A return to the office could happen as vaccinations increase

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For many people, remote work is the new normal. But it wasn’t meant to last forever.

Today, as more and more Americans are vaccinated against Covid-19they may be able to return to work as early as this spring.

According to a report by The conference board.

However, many companies also said it would be difficult to reverse remote work after a year. Most can make it voluntary for some and mandatory for others, the think tank found – or adopt some sort of flexible weekly schedule.

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“As the vaccine becomes more available, you will see many workers returning to the office, said Laura Boudreau, assistant professor of economics at Columbia Business School.

However, “it is not obvious that everyone wants to leave or leave right away,” she added.

For employees, the choice is clear. More than half said that, given the chance, they would want to continue working from home even after the pandemic, according to a separate survey from the Pew Research Center.

Experts say employers can require employees to get vaccinated, but that’s unlikely unless they work in high-risk settings, such as nursing homes or meatpacking plants.

Most U.S. organizations said they will encourage, rather than force, their employees to get vaccinated, according to a study by the Society for Human Resource Management conducted in December. Only 3% said they would need it for at least some workers.

“It’s a bit of a gray area,” said David Barron, labor and employment attorney at Cozen O’Connor in Houston.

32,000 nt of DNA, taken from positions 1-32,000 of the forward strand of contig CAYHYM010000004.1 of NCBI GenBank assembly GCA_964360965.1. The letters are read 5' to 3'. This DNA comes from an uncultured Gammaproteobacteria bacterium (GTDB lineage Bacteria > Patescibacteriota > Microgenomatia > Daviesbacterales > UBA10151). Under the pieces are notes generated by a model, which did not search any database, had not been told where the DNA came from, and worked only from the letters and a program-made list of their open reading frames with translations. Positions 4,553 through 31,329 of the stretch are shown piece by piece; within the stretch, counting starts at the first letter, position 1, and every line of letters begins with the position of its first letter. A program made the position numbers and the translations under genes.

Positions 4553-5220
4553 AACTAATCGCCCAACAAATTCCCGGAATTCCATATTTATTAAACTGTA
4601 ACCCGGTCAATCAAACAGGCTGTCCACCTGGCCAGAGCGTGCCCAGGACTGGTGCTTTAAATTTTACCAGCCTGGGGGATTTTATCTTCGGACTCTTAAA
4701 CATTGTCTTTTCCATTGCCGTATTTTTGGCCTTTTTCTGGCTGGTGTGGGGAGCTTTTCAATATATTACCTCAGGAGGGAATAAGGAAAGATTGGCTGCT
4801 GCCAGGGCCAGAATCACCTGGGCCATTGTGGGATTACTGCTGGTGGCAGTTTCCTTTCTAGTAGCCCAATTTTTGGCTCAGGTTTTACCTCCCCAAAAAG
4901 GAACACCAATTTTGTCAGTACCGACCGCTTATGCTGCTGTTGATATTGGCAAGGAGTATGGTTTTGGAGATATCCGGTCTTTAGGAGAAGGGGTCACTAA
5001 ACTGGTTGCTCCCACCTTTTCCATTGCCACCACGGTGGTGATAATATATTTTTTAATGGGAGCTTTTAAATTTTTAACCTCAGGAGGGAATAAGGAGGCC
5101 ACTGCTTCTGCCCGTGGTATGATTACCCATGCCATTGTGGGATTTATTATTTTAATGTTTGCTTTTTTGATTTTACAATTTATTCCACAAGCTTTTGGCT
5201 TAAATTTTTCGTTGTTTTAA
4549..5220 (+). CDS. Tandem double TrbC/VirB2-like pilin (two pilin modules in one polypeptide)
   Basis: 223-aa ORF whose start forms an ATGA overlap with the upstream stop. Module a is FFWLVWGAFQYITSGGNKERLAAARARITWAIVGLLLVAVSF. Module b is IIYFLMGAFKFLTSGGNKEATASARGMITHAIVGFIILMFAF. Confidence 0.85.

Equal employment opportunity laws allow companies to mandate flu and other vaccines, but employees can opt out under certain circumstances. The same may be true for Covid-19 vaccines, based on advice.

In that case, “maybe working from home is a reasonable accommodation,” Barron said.

There are still a variety of factors companies need to consider when making decisions about a return to the office.

Rhiannon Staples

Marketing Director at Hibob

Of course, not all workers have the option of working from home, even during a pandemic. There is a clear class divide between workers who can and cannot telecommutePew also found.

And for others, especially parents of young children, working from home has been particularly difficult.

“We still face health risks and personal challenges similar to those we had earlier in the pandemic – balancing work and childcare, elder care and more, which means that ‘there are still a variety of factors companies should consider when making decisions about a return to the office,’ said Rhiannon Staples, human resources expert and chief marketing officer at Hibob, a resource technology company human.

Overall, managers and HR teams need to be flexible with employees who are reluctant to come into an office at this point, especially if remote working has been successful in the past 10 months, he said. -she adds.

“Ultimately, there is no one-size-fits-all answer for every business.”

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